Soup, bread, cookies — anyone would agree the three are all good comfort food. On Wednesday, December 2nd the boys’ school brought the three of these together for the 6th annual Soup’s On! Luncheon. For the cost of $9 per adult or $6 per student, each diner was able to choose a handcrafted pottery piece and was treated to a delicious lunch. The menu consisted of a choice of three different kinds of soup – turkey noodle, corn chowder or vegetable barley. The price of the lunch also included homemade cornbread and biscuits; coffee, tea, milk or cider and a variety of cookies and fresh fruit for dessert. My oldest sons’ Modern Meals class gave up their study hall on Wednesday morning and transformed the school’s Family and Consumer Science classroom into a restaurant for the day, complete with fully set tables adorned with tablecloths and holiday themed centerpieces. Each table also had two plates heaped high with various homemade biscuits, cornbread and butter to accompany the soups.  Students, all adorned in aprons, acted as the wait-staff. These students attentively waited on tables, refilling bowls and cups, making sure that no diner left the event hungry. Plates of homemade cookies were circulated to each table at the end of the diner’s meal, featuring student-made sugar cookies, chocolate chip cookies and my personal favorite, pumpkin cookies.

The event is an interdisciplinary annual event at the school involving students in Art and Pottery classes, Family and Consumer Science classes and Honor Society students, along with their faculty coordinators, all combining their efforts to put together a great fundraiser. The proceeds of the soup luncheon go to the National Honor Society for its food basket program.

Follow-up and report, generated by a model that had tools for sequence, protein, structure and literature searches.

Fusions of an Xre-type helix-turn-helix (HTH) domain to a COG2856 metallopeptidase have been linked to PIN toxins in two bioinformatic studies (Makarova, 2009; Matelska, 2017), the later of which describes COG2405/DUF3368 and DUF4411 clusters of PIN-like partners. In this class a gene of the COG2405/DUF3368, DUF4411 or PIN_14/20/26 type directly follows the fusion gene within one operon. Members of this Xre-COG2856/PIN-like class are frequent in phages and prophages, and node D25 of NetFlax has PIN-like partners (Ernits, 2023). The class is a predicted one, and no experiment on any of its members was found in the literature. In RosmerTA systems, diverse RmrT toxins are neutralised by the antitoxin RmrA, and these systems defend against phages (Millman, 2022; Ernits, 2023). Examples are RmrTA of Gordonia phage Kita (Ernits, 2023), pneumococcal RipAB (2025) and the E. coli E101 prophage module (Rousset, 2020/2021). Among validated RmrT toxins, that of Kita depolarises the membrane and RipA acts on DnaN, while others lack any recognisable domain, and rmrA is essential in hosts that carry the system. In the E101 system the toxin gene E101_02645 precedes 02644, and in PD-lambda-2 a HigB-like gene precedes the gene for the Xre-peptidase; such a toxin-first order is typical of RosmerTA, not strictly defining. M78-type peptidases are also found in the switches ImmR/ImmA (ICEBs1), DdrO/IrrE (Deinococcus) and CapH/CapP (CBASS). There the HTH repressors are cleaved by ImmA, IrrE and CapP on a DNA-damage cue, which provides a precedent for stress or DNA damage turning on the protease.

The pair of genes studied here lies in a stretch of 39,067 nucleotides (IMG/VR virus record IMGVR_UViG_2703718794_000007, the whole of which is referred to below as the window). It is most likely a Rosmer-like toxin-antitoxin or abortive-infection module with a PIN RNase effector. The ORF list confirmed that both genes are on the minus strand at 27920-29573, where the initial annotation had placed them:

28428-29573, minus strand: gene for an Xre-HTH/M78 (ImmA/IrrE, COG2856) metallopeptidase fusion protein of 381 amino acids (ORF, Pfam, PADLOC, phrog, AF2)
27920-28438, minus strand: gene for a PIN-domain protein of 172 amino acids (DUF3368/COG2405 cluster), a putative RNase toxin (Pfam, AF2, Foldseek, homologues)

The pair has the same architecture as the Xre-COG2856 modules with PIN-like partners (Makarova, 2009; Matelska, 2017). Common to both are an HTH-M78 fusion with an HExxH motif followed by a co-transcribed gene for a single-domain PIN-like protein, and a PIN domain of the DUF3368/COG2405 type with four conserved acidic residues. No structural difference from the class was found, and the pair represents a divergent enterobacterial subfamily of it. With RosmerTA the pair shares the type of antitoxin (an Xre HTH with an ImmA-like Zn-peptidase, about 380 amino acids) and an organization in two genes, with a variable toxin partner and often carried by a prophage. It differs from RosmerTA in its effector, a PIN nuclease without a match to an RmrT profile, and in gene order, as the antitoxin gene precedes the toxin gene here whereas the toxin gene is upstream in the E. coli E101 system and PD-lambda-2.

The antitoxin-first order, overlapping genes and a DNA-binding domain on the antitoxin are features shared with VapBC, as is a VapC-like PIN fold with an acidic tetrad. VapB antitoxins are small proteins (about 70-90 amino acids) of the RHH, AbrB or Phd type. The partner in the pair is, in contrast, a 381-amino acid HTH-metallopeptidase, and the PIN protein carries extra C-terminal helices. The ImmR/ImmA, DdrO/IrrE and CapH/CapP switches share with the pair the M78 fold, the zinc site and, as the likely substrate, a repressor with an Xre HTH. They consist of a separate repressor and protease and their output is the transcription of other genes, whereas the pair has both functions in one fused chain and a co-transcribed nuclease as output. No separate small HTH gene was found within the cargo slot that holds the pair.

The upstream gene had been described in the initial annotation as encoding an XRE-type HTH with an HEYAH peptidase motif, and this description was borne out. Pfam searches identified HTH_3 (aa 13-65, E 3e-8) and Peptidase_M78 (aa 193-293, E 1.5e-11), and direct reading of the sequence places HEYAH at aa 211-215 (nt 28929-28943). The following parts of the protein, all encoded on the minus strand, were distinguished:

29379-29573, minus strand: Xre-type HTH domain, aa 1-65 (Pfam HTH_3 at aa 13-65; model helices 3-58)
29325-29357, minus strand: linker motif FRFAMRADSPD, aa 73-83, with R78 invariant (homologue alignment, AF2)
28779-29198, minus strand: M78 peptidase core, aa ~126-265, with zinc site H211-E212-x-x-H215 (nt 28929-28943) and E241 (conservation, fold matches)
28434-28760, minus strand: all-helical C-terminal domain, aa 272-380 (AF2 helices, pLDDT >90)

The purpose of the food baskets is to provide families with food for the week in order to free-up the money that would otherwise be needed for a week’s food so that the family can spend it on other things such as gifts to make their holiday a little brighter. Last year, the program provided baskets to over 100 families and just as many baskets are anticipated this year. The recipients are either school families, district families or families outside of the area with some type of connection to the school. The “baskets” as they are called are actually four or five boxes crammed full of perishable and non-perishable goods including dozens of homemade cookies that students bake throughout the month of December. The baskets also include turkey, eggs, milk, butter, cheese, apples, oranges, potatoes, carrots and bread. The whole school is involved in the creation of the baskets with each homeroom or TA as it is called, sponsoring a family. The TA chooses the size of the family it wants to adopt and then brings in the non-perishable items necessary for that basket. The perishable items are then purchased immediately prior to delivery with the fundraising monies collected by honor society students in order to complete the family’s basket. The fundraising monies are also used to purchase the non-perishable items for baskets needed over and above those sponsored by homerooms at the school.  Of course, a tasty package of student-made cookies will accompany each basket delivered because, after all, everyone needs dessert.